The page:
Bill Clinton wasn’t president yet when he plopped down next to me in the back seat of the Secret Service limousine, but he was on his way.
It was 20 years ago. Clinton had come to campaign in the Indiana presidential primary. After getting pounded early on charges of infidelity and draft-dodging during the Vietnam War, he had fought back to become the front-runner for the Democratic nomination.
I snagged an interview with him as he traveled from the airport to a press conference at a downtown Indy hotel.
We sat wedged in the back seat. Clinton was behind the driver. I was in the middle. Clinton’s press secretary, Dee Dee Myers, was on the right.
I used a tape recorder for the interview and held it in front of Clinton as he spoke. Myers also used a tape recorder.
I asked Clinton the questions of the day—questions about how he was going to lead the country with all the doubts about his character and the anger his candidacy seemed to provoke.
Clinton parried them skillfully. He talked about his successes as governor of Arkansas in working with people who disagreed with and even disliked him. He said he had expected a tough fight in the campaign, but, once the election was over, people would settle down and work together.
Those answers came smoothly, because he had been asked the questions a lot. I wanted to ask him something that would get behind the rehearsed responses and reveal the person, not the candidate. I wanted to ask him how he explained the attacks on his character to his daughter, Chelsea, who was 12 then.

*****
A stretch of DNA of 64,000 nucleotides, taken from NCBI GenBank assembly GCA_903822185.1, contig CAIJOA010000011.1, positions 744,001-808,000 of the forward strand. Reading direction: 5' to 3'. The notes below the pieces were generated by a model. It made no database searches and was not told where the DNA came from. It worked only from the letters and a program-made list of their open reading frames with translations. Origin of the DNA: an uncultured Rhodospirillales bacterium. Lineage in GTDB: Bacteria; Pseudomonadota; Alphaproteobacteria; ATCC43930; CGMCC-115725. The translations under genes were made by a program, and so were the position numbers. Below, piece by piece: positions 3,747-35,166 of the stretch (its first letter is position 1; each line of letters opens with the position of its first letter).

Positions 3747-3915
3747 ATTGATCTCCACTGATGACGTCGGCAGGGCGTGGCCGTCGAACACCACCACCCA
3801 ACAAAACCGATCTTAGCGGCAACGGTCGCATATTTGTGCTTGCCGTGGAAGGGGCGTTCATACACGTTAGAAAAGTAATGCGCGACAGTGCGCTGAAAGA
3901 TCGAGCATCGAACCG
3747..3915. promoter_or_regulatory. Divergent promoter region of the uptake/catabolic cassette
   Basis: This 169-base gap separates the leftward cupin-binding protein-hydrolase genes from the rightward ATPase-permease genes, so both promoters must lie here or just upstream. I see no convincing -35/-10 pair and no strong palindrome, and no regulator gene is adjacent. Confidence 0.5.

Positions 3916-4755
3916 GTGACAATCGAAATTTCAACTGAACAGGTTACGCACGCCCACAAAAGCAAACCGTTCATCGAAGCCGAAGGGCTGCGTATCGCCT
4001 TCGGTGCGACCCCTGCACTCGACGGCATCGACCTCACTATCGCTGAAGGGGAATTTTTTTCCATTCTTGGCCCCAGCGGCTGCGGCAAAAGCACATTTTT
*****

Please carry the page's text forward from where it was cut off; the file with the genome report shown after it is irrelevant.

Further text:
But I didn’t. Back then, I thought that question crossed the line.
I would ask it now. And I’m not sure the fact that I would ask it is a good thing.
We got to the press conference. The national and state press corps asked variations of the same questions I did. Clinton handled them with the same aplomb.
I didn’t realize then—and neither did the rest of the press corps—that they all were questions about Clinton’s legitimacy as a president and that they set the pattern.
We haven’t seen a presidency since Clinton’s in which the losers—on the right with Clinton and Barack Obama and on the left with George W. Bush—haven’t questioned and fought against the winner’s right to serve in the Oval Office.
It wasn’t always that way. Opponents disagreed with George H.W. Bush, Ronald Reagan and Jimmy Carter, but they didn’t dispute that they had won the office and had earned the right to exercise power.
It’s hard to know what produced the change.
We can look at individual characteristics—Clinton’s slickness, the second Bush’s swagger, and Obama’s race and aloofness—and come up with plausible reasons.
Or we can look at historical forces. The eight presidents preceding Clinton, from Dwight Eisenhower to the first Bush, all were World War II veterans. Maybe that shared service created a stamp of approval and set boundaries for political engagement.
The only thing we can know for sure is that it has changed.
Winners no longer get a honeymoon in the Oval Office. And losers no longer feel they have to honor the outcome of the election.
I caught up with Clinton again that year.
It was after the Democratic National Convention. He and his freshly chosen running mate, Al Gore, were taking a bus tour and made a stop in Evansville. By then, they were riding the wave that would carry them to the White House.
The crowds were huge. Clinton’s message was about the baby boomers coming to power. A sound system blared Fleetwood Mac’s “Don’t Stop Thinking About Tomorrow.” Clinton and Gore stood on the back of a flatbed truck and waved. Thousands cheered.
When I talked with Clinton and Gore that day, they thought their worst days were behind them.
They were wrong about that.•
• Krull directs Franklin College’s Pulliam School of Journalism, hosts the weekly news program “No Limits” on WFYI-FM 90.1, and is executive director of The Statehouse File. Send comments on this column to firstname.lastname@example.org.